Manimal update

There have been updates in the manimal case, but I’ll save those for the end.

Possibly a more worthwhile a topic: one commenter was disappointed in the whole affair, thinking it demeaning and sensationalist. I’m trying to decide if that’s so.

In this case, the manimal debate started out as good-humored dinner chatter before my colleagues found out real money was involved. After that, they approached me to witness the feat (as the prize requires publication in the media before they’ll consider your application).

But am I skeptical to the point of being dismissive? Yes. Did I write about it because I thought people would be amused? Guilty as charged. Is that entirely a bad thing? Some say yes:

Whether this individual transforms himself into an animal in a way that matches you Hollywood-informed imagination is not as important as the fact that many people around him operate as if this was possible and true. Also, I’m hard pressed to imagine how such a belief could be detrimental to these people.

I think the fact that so many operate as if these powers are real is precisely the reason to be worried. An easy example is the astonishing number of witch killings each year, many of which target poor, single women. (See Ted Miguel’s paper on this in East Africa)

I’ve also spent the last years working in northern Uganda and Liberia, places where leaders claiming spiritual powers had laid waste to their nations in long and bloody civil wars. Widespread belief in their power is no small contributing factor to their success. (Stephen Ellis has a nice volume on just this subject.)

Another example: Just today a senior diplomat bemoaned a recent by-election. The popular, qualified candidate lost to a less scrupulous one whose entire campaign aimed at convincing the populace that his opponent would die from evil spirits if elected. It seems to have won him the election.

People ought to be left in peace to decide their own spiritual beliefs. If I had to rewrite the manimal post, I’d probably be less condescending. But what I would say is this: When claims of spirit power are used in the pursuit of power and money—whether an American faith healer, a Liberian politician, or a village elder pursuing a million dollar prize—I tend to think the world would be a more peaceful place if we heaped skepticism on all and scorn on the obvious frauds.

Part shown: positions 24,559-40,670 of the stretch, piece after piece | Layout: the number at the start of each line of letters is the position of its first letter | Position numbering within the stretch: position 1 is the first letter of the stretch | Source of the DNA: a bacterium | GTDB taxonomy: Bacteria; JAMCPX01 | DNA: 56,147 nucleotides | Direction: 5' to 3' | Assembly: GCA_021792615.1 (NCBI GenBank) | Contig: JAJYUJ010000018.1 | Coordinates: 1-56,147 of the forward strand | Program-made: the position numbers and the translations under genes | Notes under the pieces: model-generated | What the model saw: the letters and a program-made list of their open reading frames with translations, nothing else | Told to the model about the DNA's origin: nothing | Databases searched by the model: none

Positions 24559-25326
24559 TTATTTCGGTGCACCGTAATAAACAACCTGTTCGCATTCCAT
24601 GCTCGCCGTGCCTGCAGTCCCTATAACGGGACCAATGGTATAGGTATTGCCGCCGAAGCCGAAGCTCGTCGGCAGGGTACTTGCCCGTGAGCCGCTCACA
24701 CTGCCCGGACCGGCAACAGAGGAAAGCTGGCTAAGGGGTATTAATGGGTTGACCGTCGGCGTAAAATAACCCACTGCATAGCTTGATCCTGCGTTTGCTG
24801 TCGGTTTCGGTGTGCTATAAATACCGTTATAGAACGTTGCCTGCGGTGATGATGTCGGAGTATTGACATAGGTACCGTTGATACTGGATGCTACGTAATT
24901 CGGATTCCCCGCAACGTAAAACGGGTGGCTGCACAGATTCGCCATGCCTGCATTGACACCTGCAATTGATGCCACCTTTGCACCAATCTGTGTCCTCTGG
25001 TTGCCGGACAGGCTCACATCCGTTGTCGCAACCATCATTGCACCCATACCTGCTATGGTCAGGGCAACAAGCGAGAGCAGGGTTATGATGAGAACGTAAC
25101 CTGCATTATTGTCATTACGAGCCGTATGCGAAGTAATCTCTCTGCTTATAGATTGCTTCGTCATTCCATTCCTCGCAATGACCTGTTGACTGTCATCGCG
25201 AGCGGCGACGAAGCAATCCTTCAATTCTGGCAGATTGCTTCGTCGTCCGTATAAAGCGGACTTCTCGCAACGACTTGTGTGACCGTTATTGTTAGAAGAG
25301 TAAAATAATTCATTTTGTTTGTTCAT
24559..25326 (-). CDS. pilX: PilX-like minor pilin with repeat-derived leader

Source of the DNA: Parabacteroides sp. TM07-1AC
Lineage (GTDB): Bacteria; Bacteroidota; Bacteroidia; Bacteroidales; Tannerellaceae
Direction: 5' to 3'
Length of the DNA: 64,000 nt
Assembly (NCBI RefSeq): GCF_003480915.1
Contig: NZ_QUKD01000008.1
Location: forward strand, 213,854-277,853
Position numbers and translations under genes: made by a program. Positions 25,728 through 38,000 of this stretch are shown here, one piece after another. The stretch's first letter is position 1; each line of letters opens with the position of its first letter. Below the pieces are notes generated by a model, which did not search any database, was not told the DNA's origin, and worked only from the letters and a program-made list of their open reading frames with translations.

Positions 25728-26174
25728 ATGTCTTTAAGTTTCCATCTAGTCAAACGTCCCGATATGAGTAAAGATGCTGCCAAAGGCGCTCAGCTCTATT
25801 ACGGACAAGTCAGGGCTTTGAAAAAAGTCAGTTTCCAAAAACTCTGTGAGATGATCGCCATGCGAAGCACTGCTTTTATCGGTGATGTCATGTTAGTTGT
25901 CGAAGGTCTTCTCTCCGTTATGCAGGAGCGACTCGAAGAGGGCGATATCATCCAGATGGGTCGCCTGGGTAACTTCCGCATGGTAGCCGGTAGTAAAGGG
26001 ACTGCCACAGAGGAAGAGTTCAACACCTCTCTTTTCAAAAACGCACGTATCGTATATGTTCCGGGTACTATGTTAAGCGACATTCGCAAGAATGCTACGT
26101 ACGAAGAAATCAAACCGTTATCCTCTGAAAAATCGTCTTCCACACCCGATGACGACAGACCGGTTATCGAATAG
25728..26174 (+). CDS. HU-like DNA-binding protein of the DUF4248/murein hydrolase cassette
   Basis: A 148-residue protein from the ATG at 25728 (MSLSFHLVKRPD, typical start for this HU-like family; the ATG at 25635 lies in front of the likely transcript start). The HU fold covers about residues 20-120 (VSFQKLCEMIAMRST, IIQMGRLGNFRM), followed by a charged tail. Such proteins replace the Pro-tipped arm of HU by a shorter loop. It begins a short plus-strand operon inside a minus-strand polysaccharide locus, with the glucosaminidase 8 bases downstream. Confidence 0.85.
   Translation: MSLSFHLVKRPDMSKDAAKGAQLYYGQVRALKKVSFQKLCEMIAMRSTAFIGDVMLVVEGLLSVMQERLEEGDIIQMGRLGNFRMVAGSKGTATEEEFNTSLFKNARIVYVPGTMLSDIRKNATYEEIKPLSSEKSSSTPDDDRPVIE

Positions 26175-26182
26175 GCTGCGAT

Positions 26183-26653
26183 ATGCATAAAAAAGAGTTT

Back to our prize seeker. In the end, it turns out he can’t perform the full transformation in the city, only in forested regions. We offered to drive out of the city, but it seems only in his home county of Nimba can he do so. Nimba will have to wait for my next trip (we have, in fact, a project there) but you’ll forgive me if I haven’t reserved judgment.

6 thoughts on “Manimal update

  1. You preferred to be a lunatic, a minority of one. Only the disciplined mind can see reality, Winston. You believe that reality is something objective, external, existing in its own right. You also believe that the nature of reality is self-evident. When you delude yourself into thinking that you see something, you assume that everyone else sees the same thing as you. But I tell you, Winston, that reality is not external….

    O’Brien held up the fingers of his left hand, with the thumb concealed.
    “There are five fingers there. Do you see five fingers?”
    “Yes.”
    And he did see them, for a fleeting instant, before the scenery of his mind changed.

    …I’m always reminded of Orwell when I’m told about the spiritual world manifesting itself in the real world.

  2. FWIW, I don’t think you can begin to understand Africa unless you really understand what Africans themselves think and feel. That seems blindingly obvious, and hardly worth mentioning, but it’s amazing to me how few social scientists have made that effort–with Ellis being one of the notable exceptions.

  3. Ellis’ ‘Mask’ is great, but Ellis and Gerrie ter Haar co-authoring is mandatory reading, in my opinion: The book: ‘Worlds of Power’, 2004; various papers:
    ‘Religion and politics in Sub-Saharan Africa’, Journal of Modern African Studies, 36:2, 1998;
    ‘The role of religion in development’, The European Journal of Development Research’, 18:3, 2006;
    ‘Religion and politics: taking African epistemologies seriously’, The Journal of Modern African Studies, 45, 2007

  4. Whether this assistant professor mocks people who claim to transform into animals in a way that offends you Hollywood-informed imagination is not as important as the fact that many people around him operate as if this was reasonable and funny. Also, I’m hard pressed to imagine how such mocking could be detrimental to these people.